In order that those skilled in the art may better understand the present invention and the manner in which it is practiced, the following example is given. In this example temperatures are given in degrees centigrade and parts and percents are by Weight. It is to be appreciated, however, that this example is merely exemplary of the present invention and is not to be taken as a limitation thereof.

5 EXAMPLE An aqueous metal treating solution Was prepared containing the following components in, the amounts indicated:

Zn2.9 grams/liter P O 2.5 grams/liter NO 3.3 grams/liter Na-0.4 gram/ liter Ni-lO milligrams/liter NaNO 150 milligrams/ liter Clean steel plates were sprayed for 2 minutes with this solution at a temperature of 50 degrees centigrade. The treating solution was maintained at a concentration of 12 points by the addition thereto of a concentrate containing 10.8% by weight Zn, 19.75% by weight P 8.20% by weight N0 and 0.036% by weight Ni. The points are the number of milliliters of a 0.1 normal sodium hydroxide solution required to titrate a milliliter sample of the bath solution to the phenolphthalene end point. A sample stream of the coated solution was directed to apparatus as shown in FIG. 2 of the drawing wherein the mixture of water vapor and nitroso gases was volatilized from the solution, condensed on the cooling coils and collected in the measuring cell, the vaporization of the gas mixture being accelerated by the introduction of air through the pipe 7. On a fresh solution, having the desired sodium nitrite concentration of 150 milligrams per liter, the conductivity was measured as 7000 micro mhos. This value was set on the automatic control equipment which, upon deviations from this value, operated a metering pump which added to the treating solution a solution containing 10% by weight of sodium nitrite. Using this procedure, during the time of operation with this treating solution, the nitrite concentration in the bath was maintained within 13% of the predetermined value, which corresponded to a nitrite fluxation within the range of 145 to 155 milligrams per liter, calculated as sodium nitrite.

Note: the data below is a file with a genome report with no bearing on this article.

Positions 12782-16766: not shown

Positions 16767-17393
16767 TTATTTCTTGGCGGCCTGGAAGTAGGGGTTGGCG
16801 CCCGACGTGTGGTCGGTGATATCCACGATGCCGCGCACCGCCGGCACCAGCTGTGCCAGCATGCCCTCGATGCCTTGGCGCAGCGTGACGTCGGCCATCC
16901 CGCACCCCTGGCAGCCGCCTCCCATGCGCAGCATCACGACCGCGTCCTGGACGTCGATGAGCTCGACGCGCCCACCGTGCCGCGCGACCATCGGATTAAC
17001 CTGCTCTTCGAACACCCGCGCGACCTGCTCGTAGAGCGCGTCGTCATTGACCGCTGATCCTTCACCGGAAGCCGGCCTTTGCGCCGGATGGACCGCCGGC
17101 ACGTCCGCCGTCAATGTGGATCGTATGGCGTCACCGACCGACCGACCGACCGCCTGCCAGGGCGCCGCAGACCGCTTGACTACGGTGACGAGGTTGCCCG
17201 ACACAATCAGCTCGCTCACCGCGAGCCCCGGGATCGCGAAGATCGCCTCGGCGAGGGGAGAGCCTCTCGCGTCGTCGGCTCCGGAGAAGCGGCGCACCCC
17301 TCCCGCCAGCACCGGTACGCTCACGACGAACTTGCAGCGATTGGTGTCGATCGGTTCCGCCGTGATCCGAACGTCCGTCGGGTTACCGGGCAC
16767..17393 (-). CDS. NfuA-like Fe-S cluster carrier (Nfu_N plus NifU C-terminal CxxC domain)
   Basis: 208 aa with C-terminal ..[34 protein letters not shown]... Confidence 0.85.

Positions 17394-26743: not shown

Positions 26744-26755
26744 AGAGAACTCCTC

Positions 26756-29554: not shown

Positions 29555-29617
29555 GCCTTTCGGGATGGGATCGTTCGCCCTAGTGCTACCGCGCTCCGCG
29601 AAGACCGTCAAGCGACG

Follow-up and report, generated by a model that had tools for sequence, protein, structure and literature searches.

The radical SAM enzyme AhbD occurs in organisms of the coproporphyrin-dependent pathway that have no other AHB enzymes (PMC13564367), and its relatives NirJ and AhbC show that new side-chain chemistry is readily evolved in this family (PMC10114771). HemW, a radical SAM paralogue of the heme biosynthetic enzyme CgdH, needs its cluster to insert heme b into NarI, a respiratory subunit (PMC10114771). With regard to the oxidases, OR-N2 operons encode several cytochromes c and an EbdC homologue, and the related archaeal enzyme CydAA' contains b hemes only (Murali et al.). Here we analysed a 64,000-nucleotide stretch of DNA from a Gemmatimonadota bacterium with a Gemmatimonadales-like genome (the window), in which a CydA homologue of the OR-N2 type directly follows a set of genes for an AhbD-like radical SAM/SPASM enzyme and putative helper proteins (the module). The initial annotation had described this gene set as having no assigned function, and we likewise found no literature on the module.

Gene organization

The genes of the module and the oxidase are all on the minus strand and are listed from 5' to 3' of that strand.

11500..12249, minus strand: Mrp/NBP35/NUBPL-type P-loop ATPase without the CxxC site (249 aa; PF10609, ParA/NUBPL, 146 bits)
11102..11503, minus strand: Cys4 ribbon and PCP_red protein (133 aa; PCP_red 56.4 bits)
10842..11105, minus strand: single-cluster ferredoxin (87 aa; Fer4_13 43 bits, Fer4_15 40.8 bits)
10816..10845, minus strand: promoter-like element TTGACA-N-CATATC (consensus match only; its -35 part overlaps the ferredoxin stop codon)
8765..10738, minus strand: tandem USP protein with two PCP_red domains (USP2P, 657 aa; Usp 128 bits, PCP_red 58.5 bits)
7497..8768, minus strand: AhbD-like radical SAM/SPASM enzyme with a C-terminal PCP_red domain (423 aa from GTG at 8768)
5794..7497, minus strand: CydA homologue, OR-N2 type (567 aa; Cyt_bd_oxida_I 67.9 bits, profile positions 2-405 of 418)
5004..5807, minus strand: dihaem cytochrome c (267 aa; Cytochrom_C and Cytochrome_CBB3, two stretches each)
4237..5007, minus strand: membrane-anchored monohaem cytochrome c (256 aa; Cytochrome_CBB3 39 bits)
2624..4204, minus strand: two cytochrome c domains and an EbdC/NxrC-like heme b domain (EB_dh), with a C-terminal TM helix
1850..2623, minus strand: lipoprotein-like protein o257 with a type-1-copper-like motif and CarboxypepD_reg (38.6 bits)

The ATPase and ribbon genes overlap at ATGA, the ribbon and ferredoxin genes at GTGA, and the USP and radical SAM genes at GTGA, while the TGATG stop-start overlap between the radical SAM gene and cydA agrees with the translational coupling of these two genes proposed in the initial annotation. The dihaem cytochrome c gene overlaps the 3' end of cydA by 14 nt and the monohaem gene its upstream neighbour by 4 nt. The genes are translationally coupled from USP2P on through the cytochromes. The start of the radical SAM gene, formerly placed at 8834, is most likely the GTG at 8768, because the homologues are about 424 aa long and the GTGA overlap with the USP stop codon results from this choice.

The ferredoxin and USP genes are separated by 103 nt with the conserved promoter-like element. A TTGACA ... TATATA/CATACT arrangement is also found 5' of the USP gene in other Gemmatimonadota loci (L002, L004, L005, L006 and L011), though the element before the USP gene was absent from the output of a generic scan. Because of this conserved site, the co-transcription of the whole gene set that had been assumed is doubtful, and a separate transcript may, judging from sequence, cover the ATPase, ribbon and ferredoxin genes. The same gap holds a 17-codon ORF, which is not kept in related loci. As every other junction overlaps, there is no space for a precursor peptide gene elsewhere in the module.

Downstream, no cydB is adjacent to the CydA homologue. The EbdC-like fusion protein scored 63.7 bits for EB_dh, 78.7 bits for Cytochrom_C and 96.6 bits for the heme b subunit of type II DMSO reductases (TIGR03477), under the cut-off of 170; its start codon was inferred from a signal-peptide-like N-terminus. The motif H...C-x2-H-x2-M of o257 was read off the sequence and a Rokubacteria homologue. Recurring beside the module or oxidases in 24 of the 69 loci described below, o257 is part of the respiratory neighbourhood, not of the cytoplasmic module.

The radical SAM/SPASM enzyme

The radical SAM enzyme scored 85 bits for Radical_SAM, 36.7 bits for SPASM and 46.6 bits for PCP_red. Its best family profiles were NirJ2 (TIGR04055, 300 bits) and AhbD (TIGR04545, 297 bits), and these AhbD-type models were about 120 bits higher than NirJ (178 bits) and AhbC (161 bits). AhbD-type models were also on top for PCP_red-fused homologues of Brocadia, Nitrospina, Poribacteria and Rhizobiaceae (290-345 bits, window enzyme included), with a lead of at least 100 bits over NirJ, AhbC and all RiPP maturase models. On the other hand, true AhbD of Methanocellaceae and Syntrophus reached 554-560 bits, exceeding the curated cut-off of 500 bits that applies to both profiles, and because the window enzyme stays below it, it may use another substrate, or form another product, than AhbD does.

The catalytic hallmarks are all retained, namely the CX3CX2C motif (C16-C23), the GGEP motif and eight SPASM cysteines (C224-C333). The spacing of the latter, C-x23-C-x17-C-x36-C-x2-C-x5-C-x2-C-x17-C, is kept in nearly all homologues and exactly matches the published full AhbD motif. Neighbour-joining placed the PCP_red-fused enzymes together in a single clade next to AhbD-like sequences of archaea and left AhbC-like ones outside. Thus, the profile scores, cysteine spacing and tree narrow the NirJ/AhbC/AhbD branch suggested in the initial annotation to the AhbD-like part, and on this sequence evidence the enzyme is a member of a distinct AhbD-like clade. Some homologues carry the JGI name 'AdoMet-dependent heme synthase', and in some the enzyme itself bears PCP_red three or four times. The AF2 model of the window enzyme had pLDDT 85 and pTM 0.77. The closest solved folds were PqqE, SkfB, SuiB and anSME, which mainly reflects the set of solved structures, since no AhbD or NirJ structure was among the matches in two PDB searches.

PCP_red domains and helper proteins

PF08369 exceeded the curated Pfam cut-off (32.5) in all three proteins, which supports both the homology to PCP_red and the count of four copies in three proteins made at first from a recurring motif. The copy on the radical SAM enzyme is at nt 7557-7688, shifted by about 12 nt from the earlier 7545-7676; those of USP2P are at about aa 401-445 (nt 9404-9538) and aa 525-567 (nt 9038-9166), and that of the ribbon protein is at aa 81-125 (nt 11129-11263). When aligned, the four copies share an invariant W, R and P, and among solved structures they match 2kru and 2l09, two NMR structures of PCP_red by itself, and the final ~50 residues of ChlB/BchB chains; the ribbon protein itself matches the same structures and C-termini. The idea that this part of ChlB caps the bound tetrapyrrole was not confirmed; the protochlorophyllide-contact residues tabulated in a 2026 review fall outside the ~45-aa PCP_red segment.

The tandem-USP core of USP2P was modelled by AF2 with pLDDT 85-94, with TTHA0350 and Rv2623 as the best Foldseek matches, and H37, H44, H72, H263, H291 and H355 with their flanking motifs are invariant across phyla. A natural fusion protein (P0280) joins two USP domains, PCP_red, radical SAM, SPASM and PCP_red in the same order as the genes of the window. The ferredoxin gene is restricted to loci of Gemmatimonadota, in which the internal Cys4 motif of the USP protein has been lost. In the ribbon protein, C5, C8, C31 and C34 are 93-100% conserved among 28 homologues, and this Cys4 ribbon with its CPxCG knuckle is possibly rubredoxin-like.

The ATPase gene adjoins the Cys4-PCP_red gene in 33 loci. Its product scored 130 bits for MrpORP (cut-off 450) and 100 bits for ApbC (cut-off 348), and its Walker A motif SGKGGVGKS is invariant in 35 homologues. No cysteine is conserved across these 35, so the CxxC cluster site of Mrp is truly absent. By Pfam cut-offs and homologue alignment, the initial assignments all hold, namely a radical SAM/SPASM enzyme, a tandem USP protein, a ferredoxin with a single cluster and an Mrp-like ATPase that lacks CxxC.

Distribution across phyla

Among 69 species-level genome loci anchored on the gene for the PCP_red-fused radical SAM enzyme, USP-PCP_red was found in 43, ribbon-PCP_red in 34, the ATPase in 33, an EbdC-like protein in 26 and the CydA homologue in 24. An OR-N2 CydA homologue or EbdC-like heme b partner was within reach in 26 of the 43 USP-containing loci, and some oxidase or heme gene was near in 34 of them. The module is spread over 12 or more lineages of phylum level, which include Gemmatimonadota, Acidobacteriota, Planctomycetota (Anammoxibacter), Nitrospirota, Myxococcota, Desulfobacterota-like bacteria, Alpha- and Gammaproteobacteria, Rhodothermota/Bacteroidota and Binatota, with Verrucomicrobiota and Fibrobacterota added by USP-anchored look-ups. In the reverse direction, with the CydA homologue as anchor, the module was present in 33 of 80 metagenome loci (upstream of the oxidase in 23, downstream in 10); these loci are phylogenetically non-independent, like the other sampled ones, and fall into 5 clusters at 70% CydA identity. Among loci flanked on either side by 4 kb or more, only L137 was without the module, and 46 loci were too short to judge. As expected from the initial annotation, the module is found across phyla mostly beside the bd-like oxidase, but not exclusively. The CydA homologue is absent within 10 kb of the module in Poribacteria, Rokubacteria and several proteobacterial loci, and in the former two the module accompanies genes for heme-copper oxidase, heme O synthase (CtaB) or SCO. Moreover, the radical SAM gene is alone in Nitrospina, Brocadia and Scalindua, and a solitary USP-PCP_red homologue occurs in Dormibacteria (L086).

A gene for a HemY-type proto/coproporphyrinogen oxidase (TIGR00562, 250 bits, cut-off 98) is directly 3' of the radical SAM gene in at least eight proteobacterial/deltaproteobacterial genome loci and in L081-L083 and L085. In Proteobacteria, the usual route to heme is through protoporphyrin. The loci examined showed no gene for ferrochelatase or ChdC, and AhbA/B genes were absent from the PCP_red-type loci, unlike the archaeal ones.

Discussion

While there have been described various embodiments of the invention, the compositions and methods described are not intended to be understood as limiting the scope of the invention as changes therewithin are possible and it is intended that each element recited in any of the following claims is to be understood as referring to all equivalent elements for accomplishing substantially the same results in substantially the same or equivalent manner, it being intended to cover the invention broadly in whatever form its principle may be utilized.

What is claimed is:

1. A method for analyzing and controlling nitrite concentrations in an acidic phosphatizing or oxalate metal treating solution which comprises vaporizing from said treating solution a mixture of water vapor and nitroso gases, condensing the thus-vaporized mixture, measuring the electrical conductivity of the condensate, transforming the measured conductivity into an electrical impulse directed to a metering device, and supplying a nitrite containing solution to the metal treating solution, in response to said impulse, in amounts sufiicient to compensate for changes in the nitrite concentration of the treating solution.

2. The method as claimed in claim 1 wherein the vaporization of the water vapor-nitroso gas mixture is accelerated by passing an inert gas through the solution and the vaporized mixture is condensed on a cold surface.